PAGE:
Midnight Mass 11
There’s a story told in Northern Spain about a local saint from the tenth Century. At this time, in the far north of Spain, in the Cantabrian mountains, the Christian faith was unknown to most people. It was a remote area, and if there had been any Christian influence before the collapse of the Roman Empire, it had long ceased.
But there were Christian communities elsewhere in Spain, and one monk who was part of one of those, decided that he wanted to take the Christian faith to these isolated peoples. His name was Brother Froilan. Full of faith and energy he set off alone, and built himself a hut near a village high in the mountains. Surely, he thought, the villagers would be as excited by the story of God’s love as he was and would be eager to hear it, eager to know that God welcomed them, that they were part of his family.
It was not so. Perhaps their lives were too hard for them to want to consider any new ideas – it was enough of a struggle just getting by, without having to think about the deeper things in life. Perhaps they were suspicious of this newcomer, unused as they were to anyone from the outside world showing any interest in them. Froilan met with a wall of apathy; they just weren’t interested. In a culture where even the next village might as well have been another world, what could some religion from thousands of miles away have to do with them? They ignored Froilan completely, treated him as if he just wasn’t there. He became very dejected. What was the point? He might just as well go back down the mountain to where there were people who wanted to hear his message.
The only people in the village who really noticed him at all were the children. Unlike their parents they were curious rather than fearful of this stranger, and often came and hung about near his hut. Froilan was quite content to let them and sometimes, to amuse them he would carve them small toys out of wood, something he was very skilled at. He would take a piece of wood, whittle away for a while and then suddenly, there was a bird, or a cat. One day, Froilan had an idea. When the children turned up, he picked up a small piece of wood and his knife. He worked away for a little while as they waited to see what would happen. Before long he was finished, and there in his hand was a woman. He started to work again, and soon there was a man to go with the woman. Then there were some sheep, and shepherds, a strange winged creature he told them was called an angel, a messenger from God, and some richly dressed strangers bearing gifts, and finally a baby in a manger, just like the ones their own farm animals used. As he carved he told them about the woman, called Mary, and her husband Joseph, about their journey to Bethlehem, and the birth of the child who had to sleep in that manger crib, about the shepherds and the wise men who came to visit. The children were enthralled, and in the days that followed they came back, demanding that he told them the story again and again. But every time he told it they insisted that he had to carve another Mary, another Joseph and all the rest. Soon Froilan had many sets of nativity figures in his hut. He couldn’t give the children the figures because their parents were so hostile to his message, so all those Marys and Josephs just piled up around him.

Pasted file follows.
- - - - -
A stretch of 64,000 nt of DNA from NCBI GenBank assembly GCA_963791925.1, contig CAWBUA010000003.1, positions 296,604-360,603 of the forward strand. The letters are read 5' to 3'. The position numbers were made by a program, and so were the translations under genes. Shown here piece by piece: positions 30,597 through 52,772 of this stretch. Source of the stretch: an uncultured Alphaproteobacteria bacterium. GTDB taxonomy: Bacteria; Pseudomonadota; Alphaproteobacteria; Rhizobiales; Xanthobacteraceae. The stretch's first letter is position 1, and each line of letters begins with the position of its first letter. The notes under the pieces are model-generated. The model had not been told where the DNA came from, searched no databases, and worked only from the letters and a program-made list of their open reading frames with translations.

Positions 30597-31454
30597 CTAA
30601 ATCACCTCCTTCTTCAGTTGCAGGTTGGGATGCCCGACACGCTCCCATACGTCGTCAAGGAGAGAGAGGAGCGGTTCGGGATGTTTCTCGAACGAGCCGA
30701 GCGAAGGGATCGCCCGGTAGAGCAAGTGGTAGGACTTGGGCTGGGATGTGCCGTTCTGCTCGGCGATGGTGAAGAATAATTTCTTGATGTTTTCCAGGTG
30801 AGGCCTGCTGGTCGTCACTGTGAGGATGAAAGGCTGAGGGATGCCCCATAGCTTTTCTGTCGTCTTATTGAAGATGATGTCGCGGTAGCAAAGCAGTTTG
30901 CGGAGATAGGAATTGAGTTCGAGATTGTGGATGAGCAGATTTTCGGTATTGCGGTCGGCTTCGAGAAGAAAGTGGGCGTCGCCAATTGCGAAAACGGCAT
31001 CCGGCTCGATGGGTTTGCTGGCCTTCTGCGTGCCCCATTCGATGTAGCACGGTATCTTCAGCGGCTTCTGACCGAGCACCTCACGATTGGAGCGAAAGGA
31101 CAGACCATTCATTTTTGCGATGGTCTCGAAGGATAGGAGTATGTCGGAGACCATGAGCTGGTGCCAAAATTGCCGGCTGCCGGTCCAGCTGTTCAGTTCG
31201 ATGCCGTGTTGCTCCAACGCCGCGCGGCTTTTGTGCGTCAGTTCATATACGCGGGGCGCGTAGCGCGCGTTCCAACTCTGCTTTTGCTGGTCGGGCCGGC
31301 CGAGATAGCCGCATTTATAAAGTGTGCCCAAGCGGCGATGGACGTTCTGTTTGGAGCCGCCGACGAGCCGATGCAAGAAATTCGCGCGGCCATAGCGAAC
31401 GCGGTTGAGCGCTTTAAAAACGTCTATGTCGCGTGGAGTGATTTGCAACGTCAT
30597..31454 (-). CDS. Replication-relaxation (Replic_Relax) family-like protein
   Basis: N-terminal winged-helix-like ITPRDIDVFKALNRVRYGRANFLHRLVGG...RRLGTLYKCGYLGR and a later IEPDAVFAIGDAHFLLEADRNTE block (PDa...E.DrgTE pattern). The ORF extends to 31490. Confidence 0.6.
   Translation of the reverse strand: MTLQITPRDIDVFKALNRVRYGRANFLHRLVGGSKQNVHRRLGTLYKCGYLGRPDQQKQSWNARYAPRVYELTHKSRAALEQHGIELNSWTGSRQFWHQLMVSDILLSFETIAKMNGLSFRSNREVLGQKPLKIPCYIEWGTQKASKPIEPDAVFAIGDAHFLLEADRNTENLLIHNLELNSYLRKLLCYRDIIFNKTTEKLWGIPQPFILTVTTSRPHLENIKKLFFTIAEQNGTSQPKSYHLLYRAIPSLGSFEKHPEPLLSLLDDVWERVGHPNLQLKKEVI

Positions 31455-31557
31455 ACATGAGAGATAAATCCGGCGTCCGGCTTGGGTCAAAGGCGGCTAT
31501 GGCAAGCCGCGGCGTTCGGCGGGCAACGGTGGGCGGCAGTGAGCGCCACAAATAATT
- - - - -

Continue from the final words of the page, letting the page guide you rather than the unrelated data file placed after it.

Christmas was coming near, and suddenly Froilan had an idea. In the middle of the night on Christmas Eve he crept out into the village with those figures and left them here and there around the village. In the morning – a morning just like any other to the villagers of course – as they went around their work they found that everywhere they went they were coming across a tiny woman and man and baby or an angel or a shepherd with some sheep or an exotic foreigner with a gift in his hands. What on earth was it all about? They had no idea. But of course their children knew, and they explained to their parents – this is Mary, this is Joseph. They had nowhere to stay, nowhere to have their baby. These are shepherds, who heard a wonderful message. These are foreigners from far away, who were made welcome. The children’s eyes shone with excitement as they told the story to their parents. They had heard it so often from Froilan that it had become their own story, about their own fears and hopes and dreams .And as they told it, in their own words, from the heart of their own lives, their parents listened, as they never would have done to Froilan, and they heard its message of hope themselves. And before long Froilan found that he and his message were welcomed and loved and respected in that village, and he was never forgotten, becoming the patron saint of that region and is still celebrated there.